Gerben Ruessink1*, Bas Arens2, Marieke Kuipers3

1 Utrecht University
2 Bureau for Beach and Dune Research
3 PWN Drinking Water Company

*Corresponding author: This email address is being protected from spambots. You need JavaScript enabled to view it.


Many foredunes along developed coasts have been managed into densely vegetated, uniform and stable ridges of sand to strengthen their role as sea defence. It is increasingly feared that such foredunes are less resilient to erosion under climate change (e.g., rising sea levels) relative to present-day conditions. The dense vegetation blocks the sand exchange between the beach and the backdunes and accordingly, prevents the backdunes from growing with sea-level rise. The excavation of gaps through the foredune, termed notches, is nowadays increasingly applied as a nature-based solution to restore the natural sand pathway into the backdunes and to improve their natural values with the overarching aim of advancing climate adaptation. The geomorphological evolution of notches is, however, not well understood, especially on the time scales of years. This prevents understanding what factors contribute to success (long-term mobility) or failure (rapid closure) of foredune notches.


We analyse the geomorphic evolution of five notches in the foredune near Bloemendaal - one of the largest dune restoration projects in NW Europe - since their excavation in the 2012/2013 winter using 24 digital elevation models (DEMs) derived from airborne lidar and drone surveys. Nineteen of these DEMs are associated with an RGB orthomosaic.


The orthomosaics and DEMs of Difference illustrate that up to 280-m long and more than 7-m thick depositional lobes formed landward of the notches, while the notches persistently eroded through alongshore widening and steepening of the lateral walls (Fig. 1). Both the deposition and erosion volume, computed inside the region bounded by the azure blue line in Fig. 1c, increased approximately linear with time (33,500 versus 17.500 m3/y). The larger deposition than erosion volume is due to the throughput of wind-blown beach sand, highlighting that the notches facilitated highly efficient onshore sand pathways into the backdunes during the entire examined time period. In more detail, the data also suggest that the notches oriented with the dominant wind direction (the upper two notches in Fig. 1) were more efficient in facilitating this onshore transport than notches with other orientations.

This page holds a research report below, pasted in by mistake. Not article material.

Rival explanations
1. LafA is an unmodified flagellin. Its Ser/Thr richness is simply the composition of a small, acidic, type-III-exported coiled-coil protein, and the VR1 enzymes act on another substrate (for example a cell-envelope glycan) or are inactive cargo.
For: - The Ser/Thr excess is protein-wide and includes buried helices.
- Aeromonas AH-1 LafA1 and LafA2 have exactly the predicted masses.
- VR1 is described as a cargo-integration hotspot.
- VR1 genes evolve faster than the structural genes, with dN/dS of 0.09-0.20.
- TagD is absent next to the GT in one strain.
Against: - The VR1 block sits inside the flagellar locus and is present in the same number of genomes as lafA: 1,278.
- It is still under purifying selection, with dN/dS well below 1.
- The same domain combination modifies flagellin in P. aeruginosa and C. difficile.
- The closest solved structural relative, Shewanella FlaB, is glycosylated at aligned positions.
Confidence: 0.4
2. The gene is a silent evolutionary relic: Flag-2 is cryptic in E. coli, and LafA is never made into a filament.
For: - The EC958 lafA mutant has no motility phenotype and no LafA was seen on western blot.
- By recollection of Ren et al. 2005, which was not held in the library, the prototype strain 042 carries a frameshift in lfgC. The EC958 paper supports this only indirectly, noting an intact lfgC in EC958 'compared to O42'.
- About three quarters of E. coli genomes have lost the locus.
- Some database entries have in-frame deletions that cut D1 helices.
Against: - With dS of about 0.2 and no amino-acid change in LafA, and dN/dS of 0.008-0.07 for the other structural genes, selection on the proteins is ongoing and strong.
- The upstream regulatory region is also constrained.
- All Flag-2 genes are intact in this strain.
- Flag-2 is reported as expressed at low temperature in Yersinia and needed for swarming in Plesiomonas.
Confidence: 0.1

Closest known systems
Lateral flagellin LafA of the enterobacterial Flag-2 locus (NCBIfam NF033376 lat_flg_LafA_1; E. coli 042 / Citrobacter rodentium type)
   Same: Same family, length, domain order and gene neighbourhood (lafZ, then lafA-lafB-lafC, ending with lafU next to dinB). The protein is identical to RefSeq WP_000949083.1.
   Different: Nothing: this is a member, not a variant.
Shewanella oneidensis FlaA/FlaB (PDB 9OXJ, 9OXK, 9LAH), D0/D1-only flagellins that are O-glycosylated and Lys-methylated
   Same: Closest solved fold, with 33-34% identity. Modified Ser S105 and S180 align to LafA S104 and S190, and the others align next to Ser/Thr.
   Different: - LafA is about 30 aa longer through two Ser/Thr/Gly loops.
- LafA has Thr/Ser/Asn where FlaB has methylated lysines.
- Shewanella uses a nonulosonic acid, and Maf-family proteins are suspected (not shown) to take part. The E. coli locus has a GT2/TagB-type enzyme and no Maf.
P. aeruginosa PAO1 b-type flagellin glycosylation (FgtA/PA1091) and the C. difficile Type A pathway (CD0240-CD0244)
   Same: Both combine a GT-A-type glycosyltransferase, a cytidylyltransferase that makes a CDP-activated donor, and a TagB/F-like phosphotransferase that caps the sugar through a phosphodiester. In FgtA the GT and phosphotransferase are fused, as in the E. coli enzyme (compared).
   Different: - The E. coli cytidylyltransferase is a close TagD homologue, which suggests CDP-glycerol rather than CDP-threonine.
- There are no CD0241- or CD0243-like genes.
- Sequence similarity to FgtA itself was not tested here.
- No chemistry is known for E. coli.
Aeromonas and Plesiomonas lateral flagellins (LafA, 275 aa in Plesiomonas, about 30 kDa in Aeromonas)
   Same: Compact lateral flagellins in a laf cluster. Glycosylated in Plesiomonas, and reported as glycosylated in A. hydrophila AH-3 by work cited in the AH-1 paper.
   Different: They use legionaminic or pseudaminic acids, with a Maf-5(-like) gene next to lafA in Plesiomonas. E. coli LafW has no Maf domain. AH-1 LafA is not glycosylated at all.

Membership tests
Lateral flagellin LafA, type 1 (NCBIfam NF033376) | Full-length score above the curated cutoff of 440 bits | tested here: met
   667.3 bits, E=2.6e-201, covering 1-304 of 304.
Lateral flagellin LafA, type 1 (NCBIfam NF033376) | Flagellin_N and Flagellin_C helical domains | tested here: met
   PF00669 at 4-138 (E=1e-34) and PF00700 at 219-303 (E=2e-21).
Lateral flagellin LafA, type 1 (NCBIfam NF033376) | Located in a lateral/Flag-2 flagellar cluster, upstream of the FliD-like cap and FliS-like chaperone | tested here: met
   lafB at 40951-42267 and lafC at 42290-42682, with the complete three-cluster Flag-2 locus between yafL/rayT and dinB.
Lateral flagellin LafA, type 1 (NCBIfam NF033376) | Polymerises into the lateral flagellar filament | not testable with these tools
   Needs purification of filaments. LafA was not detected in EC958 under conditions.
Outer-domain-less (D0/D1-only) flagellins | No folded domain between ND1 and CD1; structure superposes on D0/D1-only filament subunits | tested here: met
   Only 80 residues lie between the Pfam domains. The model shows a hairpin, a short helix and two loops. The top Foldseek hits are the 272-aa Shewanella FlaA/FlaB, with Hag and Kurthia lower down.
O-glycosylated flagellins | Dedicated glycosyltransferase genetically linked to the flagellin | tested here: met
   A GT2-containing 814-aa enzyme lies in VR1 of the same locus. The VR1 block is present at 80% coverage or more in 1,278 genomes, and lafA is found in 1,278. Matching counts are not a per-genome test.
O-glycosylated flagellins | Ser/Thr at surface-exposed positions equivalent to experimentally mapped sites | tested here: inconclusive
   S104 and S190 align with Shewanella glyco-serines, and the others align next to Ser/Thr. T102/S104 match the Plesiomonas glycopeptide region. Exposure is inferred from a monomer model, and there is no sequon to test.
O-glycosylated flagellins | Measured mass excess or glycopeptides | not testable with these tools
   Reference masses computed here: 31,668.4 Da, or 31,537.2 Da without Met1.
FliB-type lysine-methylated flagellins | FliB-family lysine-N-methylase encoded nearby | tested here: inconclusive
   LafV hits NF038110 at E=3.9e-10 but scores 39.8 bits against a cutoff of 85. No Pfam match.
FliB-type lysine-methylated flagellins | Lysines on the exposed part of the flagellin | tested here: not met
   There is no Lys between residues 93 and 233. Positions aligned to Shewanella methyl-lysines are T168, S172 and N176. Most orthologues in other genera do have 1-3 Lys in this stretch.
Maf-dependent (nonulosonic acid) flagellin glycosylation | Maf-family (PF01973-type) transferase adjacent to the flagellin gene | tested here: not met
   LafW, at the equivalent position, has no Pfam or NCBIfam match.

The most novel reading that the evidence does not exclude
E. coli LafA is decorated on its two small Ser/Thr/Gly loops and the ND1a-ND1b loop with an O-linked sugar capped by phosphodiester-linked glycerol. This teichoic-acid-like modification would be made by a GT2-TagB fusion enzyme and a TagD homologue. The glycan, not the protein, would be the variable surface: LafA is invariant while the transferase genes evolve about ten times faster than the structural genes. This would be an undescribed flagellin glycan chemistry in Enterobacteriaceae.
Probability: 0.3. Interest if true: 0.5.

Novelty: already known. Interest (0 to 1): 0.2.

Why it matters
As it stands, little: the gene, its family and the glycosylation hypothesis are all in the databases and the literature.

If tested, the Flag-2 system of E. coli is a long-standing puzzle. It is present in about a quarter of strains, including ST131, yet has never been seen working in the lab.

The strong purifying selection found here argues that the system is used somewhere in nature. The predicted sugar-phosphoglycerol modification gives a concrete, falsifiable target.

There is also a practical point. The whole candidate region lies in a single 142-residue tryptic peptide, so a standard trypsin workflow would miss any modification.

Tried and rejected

Figure 1: Orthomosaic (a) shortly after excavation (May 2013) and (b) after 8.5 years (October 2021), (c) and the DEM of Difference for the same time period (red = deposition; blue = erosion) overlain on the October 2021 orthomosaic. Black lines in all panels are the initial (May 2013) notch outlines. The azure blue line in (c) outlines the region for which erosion and deposition volumes were computed.

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